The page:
My simplified historical understanding is as follows. Euclidean geometry accepted a limited number of geometrical objects (straight-edge and compass constructions, conics). Descartes' Géométrie expanded the geometrical universe and introduced methods to deal with algebraic curves in general. The next centuries a further relaxation took place, allowing also non-algebraic curves and (analytic) functions in the modern sense.

Ancient mathematical astronomy, it is said, makes use of epicycloids. But these are (with exception of special cases of ratio between the radii) not even algebraic curves. Descartes would not have accepted them and therefore (?) neither would have Greek geometers. My assumption is roughly that "Greek geometrical objects" $\subsetneq$ "Cartesian geometrical objects" though this probably needs further qualification.

Ancient geometers/astronomers did not write down parametric equations of epicycloids. But were these curves even acceptable objects in the eyes of mathematicians? Was generation of a curve by circles rolling on each other even allowed according to Greek geometrical standards? There was much debate on using complex curves (spiral, chonchoid, etc.) to solve the famous mathematical problems (trisection of angle etc.). So why was the use of epicycloids not highly controversial at best and "forbidden" at worst?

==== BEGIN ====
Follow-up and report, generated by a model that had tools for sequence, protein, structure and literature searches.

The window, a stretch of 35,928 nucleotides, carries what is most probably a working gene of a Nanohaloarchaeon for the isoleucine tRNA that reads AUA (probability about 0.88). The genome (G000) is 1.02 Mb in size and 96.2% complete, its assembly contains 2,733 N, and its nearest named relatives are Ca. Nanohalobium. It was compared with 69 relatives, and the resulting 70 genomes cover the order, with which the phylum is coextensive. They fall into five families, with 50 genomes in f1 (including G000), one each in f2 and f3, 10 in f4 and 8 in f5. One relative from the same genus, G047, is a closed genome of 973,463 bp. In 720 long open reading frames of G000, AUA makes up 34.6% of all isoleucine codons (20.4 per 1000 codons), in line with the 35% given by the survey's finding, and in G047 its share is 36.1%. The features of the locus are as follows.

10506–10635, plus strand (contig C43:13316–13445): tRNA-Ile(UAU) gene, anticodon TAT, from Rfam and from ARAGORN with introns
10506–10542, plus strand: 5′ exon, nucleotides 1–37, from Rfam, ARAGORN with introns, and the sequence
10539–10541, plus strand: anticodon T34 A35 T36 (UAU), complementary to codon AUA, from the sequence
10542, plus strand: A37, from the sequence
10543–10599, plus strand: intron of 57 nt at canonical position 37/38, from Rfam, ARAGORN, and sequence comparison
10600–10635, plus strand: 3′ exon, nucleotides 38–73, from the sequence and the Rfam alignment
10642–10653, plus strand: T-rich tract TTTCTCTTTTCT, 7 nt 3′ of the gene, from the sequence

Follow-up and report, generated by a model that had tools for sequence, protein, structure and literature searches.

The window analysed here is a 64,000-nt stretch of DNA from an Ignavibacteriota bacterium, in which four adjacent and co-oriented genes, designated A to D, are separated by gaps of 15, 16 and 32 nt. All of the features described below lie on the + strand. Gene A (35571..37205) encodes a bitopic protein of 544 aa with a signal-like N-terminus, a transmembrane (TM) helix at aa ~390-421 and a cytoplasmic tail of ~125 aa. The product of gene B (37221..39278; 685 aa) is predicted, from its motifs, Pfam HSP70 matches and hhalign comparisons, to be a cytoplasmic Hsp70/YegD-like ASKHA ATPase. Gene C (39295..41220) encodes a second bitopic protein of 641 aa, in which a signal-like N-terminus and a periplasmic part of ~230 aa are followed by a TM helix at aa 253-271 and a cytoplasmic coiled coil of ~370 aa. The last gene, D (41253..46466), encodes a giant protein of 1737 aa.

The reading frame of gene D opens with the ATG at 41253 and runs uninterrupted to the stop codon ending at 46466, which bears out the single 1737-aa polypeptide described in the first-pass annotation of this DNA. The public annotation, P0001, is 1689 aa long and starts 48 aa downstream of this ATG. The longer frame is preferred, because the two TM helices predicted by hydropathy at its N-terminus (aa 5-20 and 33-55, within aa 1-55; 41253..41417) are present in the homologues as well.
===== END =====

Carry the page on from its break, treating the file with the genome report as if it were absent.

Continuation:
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It is not quite accurate to say that ancient astronomy made use of epicycloids. Epicycles, yes, but curiously enough, hypocycloids, epicycloids and cycloids were not studied as geometric curves (as far as we know), despite the use of epicycles in astronomy. It would have been possible to draw tangents to them by the same technique that Archimedes used for his spiral, for example, but it was not done until modern times.

Epicycles were viewed as merely computational devices, and their geometry was of little relevance even in geometric constructions used by Ptolemy and his Islamic successors, see e.g. Episodes From the Early History of Astronomy by Aaboe. These curves visualize motion of the planets, but for determining measurable parameters of orbits line and circle constructions were enough. Perhaps, geometers wanted to keep their external applications apart, or perhaps they did not prove as useful internally, but their geometry was not explicitly studied until 16th century.

This said, Greeks were not restricted to straight lines and conics for their curves. Acerbi gives an overview of curve constructions available to them in Homeomeric Lines in Greek Mathematics by Acerbi:

"1) Generative constructions. These normally amount to cutting a surface with a plane. In this way the conic (Con. I.11–3) and toric sections (iE, 112.4–8) were defined.
2) Pointwise geometrical constructions. A procedure is given to find isolated points that lie on the curve; the latter is then approximated by joining such points by line segments or arcs of other known lines...
3) Intersections of surfaces, in their turn obtained by rotation of plane figures (conic, cylindrical, toric surfaces). This is the case of the curves implicit in Archytas’ method for solving the problem of duplication of the cube (Eutocius, on the authority of Eudemus, in AOO III:84.12–88.2).